Nor were all industries appalling places to work, since some owners took good care of their workers and offered their children education etc. Within the textile industry the most famous social experiment was that of Robert Owen (portrayed above) in New Lanark, where he aimed to provide an ideal society for nearly 2,000 textile workers. He was not alone in his ideas, since there also existed a factory movement with the purpose of improving conditions in the workplace for factory workers. A world that Owen was already familiar with as a youth when building spinning-machines, and he later worked as a cotton-spinner himself, becoming at the age of 21 a mill manager in Manchester. He bought New Lanark in 1799 as an already established cotton mill with social aims, since its previous proprietor had tried to make life more tolerable for small children by offering them schooling and shorter working hours at the mill. Owen introduced further improvements including infant childcare, a system of education for children and a co-operative trading movement for his employees. His philanthropic ideas commanded deep respect among the workers and despite the cost of his reforms they were nonetheless a commercial success.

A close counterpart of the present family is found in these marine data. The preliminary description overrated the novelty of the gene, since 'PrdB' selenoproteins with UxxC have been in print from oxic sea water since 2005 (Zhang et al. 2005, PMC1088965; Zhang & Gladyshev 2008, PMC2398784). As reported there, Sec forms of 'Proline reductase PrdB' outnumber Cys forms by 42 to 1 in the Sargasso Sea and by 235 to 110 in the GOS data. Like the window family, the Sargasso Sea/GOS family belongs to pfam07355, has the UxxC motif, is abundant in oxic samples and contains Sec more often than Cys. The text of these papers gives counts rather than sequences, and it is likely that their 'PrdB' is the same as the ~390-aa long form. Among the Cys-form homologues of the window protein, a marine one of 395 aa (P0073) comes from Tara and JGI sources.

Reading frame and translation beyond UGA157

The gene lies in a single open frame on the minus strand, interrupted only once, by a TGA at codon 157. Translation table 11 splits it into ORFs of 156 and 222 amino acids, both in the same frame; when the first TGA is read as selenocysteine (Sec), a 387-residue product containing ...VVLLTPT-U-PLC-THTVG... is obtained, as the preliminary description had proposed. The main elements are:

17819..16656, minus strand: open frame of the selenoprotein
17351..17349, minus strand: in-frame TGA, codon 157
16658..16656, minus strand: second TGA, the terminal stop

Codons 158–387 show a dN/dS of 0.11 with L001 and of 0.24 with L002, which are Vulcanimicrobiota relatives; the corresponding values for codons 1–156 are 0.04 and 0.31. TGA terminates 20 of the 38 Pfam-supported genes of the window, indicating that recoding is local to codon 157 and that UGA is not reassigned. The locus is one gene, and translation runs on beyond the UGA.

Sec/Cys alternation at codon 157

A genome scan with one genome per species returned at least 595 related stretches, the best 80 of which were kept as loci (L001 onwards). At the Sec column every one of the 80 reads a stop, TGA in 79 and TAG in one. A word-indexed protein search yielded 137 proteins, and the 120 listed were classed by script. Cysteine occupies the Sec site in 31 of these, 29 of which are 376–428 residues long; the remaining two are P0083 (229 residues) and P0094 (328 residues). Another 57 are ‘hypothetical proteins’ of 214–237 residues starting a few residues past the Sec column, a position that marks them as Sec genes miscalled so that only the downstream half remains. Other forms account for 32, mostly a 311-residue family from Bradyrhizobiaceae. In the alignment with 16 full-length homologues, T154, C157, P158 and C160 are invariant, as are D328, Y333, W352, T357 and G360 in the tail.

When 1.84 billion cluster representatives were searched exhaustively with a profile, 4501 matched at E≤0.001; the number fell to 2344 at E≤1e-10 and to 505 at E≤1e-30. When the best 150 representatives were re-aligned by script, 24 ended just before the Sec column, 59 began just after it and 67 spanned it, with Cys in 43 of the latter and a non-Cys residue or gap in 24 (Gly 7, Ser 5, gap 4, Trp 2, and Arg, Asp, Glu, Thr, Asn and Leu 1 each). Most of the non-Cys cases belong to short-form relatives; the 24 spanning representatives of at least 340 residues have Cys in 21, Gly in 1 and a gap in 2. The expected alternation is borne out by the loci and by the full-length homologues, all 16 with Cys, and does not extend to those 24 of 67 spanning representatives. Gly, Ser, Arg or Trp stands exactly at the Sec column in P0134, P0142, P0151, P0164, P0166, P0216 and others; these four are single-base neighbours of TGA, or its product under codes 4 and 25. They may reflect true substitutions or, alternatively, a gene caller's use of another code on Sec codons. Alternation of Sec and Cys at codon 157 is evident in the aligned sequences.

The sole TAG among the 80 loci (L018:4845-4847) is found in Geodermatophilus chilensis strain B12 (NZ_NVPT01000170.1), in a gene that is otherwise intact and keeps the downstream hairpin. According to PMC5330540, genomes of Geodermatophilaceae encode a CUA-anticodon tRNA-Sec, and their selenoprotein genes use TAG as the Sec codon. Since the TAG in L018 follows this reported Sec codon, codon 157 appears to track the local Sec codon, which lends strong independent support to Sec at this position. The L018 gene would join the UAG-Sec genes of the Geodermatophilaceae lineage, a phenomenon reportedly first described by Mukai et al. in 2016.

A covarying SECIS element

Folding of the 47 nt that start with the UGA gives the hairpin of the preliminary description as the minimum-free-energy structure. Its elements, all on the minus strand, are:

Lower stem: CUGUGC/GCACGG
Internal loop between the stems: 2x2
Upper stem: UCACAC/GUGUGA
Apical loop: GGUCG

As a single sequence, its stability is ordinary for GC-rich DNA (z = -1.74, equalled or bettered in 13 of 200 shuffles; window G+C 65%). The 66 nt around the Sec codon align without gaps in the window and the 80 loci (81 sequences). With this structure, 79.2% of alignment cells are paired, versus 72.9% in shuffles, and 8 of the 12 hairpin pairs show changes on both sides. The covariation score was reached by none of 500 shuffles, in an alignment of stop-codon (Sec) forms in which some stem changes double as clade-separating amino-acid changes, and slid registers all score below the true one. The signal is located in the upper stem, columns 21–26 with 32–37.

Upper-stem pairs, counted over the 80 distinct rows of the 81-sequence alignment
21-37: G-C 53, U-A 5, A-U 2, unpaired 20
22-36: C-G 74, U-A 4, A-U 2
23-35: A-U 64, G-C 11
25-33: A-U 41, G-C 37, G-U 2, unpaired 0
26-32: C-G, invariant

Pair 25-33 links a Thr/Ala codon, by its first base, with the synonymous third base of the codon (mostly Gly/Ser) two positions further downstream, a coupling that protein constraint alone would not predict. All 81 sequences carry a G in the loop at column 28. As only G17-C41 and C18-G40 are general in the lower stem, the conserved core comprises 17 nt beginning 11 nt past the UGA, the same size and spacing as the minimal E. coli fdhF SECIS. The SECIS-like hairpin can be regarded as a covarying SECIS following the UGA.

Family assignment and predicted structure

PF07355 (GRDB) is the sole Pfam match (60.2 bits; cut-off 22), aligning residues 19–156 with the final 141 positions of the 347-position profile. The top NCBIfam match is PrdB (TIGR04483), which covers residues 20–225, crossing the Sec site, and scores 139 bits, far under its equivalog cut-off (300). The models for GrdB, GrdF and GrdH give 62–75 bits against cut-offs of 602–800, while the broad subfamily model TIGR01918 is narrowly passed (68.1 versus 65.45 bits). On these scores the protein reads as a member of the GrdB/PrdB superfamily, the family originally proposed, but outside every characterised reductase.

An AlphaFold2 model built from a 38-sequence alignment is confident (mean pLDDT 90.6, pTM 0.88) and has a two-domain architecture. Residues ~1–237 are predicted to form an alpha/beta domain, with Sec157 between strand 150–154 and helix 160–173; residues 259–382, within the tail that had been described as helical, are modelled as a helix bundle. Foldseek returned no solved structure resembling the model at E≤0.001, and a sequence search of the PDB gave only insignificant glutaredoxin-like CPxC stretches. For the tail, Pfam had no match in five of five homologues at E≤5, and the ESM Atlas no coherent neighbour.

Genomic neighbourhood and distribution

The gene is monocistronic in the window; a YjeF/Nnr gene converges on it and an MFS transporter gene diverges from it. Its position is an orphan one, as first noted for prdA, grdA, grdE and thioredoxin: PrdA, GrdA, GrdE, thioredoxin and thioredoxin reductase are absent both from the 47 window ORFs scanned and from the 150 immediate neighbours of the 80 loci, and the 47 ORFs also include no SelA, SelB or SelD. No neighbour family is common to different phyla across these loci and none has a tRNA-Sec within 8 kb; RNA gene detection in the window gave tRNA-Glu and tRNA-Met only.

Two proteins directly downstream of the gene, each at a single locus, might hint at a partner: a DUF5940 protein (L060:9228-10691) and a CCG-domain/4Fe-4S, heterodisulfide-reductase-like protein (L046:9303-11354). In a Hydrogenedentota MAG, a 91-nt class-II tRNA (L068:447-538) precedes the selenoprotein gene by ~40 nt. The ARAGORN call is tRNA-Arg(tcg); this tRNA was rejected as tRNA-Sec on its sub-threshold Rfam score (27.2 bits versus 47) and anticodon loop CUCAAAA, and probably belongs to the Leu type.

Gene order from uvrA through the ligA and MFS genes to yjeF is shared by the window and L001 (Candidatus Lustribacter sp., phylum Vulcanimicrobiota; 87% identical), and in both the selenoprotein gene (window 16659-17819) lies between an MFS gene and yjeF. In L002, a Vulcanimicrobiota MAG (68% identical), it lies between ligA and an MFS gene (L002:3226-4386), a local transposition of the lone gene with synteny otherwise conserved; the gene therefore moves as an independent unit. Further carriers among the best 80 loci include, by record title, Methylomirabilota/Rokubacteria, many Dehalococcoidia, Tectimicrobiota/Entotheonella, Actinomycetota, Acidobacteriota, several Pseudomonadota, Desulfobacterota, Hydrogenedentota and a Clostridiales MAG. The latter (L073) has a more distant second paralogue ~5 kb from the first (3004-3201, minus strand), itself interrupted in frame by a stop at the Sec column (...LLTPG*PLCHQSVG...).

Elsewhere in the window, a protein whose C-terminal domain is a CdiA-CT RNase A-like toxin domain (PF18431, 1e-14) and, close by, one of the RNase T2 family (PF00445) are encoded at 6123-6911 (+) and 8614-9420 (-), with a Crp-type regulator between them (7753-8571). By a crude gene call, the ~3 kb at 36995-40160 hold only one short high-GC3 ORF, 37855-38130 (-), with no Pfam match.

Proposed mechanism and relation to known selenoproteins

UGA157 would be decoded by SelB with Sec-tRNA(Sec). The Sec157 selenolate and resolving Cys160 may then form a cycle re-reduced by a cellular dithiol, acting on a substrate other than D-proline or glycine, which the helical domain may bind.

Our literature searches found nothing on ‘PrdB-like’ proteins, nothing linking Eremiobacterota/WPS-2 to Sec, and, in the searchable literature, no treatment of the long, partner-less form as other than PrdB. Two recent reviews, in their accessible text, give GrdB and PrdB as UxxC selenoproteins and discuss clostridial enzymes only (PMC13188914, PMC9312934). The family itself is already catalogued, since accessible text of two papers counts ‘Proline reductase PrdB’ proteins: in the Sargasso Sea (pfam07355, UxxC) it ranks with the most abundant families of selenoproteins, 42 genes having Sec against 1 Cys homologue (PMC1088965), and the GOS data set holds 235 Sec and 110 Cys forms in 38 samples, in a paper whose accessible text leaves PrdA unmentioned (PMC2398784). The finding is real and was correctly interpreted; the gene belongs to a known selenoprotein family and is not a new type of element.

England already had a considerable number of small textile-related businesses in various parts of the country as early as 1700; for example in Whitby, this industry was most involved with sail-making. While London specialised in silk-weaving and Lancashire developed the manufacture of cotton while the important production of woollen goods had several centres, each with its own speciality. The most extensive and important areas for wool were the West Riding of Yorkshire in particular, but also East Anglia and the West Country. During this period before the Industrial Revolution cottage industries were universal, so that carders, spinners, weavers and others either worked in their own homes or for an employer, hoping to progress to selling their cloth themselves. After the mid 18th century cloth began to be manufactured semi-industrially with some stages still produced in a home environment while other stages came to be done by small manufacturers, though increasingly from the 1780s all stages of production, from the preparation of the raw material through spinning and weaving were conducted in special industrial premises with many workers under the same roof. Yet in many places where textiles were produced during the second half of the 18th century working at home co-existed during long periods with industrial production.